The police chief was asked during an impromptu news conference Wednesday whether an adult was responsible for hiding the boy in the basement.

"We're not ruling that out," he said. "It would be hard for me to sit here and tell you that someone didn't know Charlie was there, but I can't say definitively."

'I love my son'

Later, following his HLN interview, Bothuell told reporters he was shocked by the discovery of his son in his basement, responding angrily to reporters' questions about who might have known Charlie was there.

"For anybody to imply that I somehow knew my son was in the basement is absurd and wrong. I love my son. I'm glad that he's home," Bothuell said.

He became overcome with emotion when a reporter asked him about earlier erroneous reports that Charlie may have been the victim of a homicide.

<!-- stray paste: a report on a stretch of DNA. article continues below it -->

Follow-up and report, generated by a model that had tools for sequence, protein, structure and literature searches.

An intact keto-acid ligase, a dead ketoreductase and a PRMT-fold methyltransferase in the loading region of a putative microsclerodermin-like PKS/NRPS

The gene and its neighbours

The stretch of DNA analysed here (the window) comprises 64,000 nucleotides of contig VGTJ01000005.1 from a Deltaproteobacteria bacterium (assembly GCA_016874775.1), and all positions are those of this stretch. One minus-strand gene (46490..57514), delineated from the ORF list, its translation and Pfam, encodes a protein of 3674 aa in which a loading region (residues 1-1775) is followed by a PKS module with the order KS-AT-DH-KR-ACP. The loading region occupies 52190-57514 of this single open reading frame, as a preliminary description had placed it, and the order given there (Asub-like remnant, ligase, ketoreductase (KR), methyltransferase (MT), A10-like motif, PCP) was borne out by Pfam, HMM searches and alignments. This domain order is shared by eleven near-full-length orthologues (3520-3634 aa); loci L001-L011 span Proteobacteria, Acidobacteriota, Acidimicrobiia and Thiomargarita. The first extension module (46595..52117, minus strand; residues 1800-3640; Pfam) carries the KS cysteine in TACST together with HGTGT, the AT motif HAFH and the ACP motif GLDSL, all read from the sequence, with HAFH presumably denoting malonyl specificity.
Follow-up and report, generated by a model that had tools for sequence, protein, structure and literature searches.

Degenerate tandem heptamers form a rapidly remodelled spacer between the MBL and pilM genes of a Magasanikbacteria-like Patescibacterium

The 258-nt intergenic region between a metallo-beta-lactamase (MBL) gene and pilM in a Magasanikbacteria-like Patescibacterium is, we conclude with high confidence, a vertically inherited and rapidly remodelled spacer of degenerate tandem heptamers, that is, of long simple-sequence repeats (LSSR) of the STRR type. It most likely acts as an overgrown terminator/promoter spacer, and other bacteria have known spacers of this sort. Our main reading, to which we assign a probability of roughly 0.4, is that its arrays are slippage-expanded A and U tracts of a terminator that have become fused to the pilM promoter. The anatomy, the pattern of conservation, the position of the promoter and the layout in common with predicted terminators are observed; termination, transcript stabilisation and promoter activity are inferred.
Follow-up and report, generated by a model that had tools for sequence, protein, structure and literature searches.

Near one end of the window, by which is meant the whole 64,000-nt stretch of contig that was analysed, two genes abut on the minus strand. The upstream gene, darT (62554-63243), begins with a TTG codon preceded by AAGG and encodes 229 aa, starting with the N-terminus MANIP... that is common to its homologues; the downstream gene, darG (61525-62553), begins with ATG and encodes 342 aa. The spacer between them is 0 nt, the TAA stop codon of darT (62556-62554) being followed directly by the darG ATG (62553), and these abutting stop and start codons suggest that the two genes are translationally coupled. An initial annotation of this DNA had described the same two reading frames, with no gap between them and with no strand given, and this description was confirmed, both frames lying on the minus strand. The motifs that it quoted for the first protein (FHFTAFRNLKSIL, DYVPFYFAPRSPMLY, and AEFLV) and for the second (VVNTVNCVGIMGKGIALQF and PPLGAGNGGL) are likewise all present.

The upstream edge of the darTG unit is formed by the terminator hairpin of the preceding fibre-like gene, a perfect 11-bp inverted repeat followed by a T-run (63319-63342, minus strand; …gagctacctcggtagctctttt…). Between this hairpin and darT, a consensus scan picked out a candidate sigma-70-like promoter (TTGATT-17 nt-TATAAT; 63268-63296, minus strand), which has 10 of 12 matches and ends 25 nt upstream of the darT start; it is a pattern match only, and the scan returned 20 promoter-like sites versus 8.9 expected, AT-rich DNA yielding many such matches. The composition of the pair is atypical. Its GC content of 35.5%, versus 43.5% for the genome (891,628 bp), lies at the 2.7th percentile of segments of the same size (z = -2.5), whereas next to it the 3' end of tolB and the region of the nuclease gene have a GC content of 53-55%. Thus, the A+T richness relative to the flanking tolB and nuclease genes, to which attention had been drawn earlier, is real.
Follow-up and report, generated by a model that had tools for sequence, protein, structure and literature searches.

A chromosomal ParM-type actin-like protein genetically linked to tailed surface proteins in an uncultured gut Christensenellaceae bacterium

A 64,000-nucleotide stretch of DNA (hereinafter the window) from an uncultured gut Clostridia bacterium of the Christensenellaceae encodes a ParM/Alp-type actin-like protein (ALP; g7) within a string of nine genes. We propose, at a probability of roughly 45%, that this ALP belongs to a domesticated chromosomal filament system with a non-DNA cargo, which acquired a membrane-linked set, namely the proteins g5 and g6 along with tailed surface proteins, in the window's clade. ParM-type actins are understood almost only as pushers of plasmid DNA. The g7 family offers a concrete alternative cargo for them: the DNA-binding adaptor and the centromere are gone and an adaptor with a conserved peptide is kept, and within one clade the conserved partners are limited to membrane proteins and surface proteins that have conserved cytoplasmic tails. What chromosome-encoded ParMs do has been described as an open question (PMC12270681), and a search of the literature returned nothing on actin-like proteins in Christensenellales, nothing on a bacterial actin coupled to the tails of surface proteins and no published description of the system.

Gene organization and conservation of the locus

"I thought my son was dead," he said, beginning to cry.

His distress deepened further when he was asked if he'd seen Charlie yet.

"No, I haven't," he said.

"I want to see my son," he cried, before breaking into sobs and burying his face in the chest of the male reporter standing next to him.

http://www.click2houston.com/news/Missing-boy-found-alive-in-dad-s-basement/26668388

john said...

OT.

Report: Missing Detroit 12-year-old found alive barricaded in father's basement

Snipped:

Craig said, as with any missing persons case, we're "certainly looking at close family members first."

Both parents were asked to submit to polygraph tests. The father submitted to a test performed by the FBI with the results proving inconclusive; the stepmother refused, Craig said.


http://www.mlive.com/news/detroit/index.ssf/2014/06/report_missing_detroit_12-year.html

Lemon said...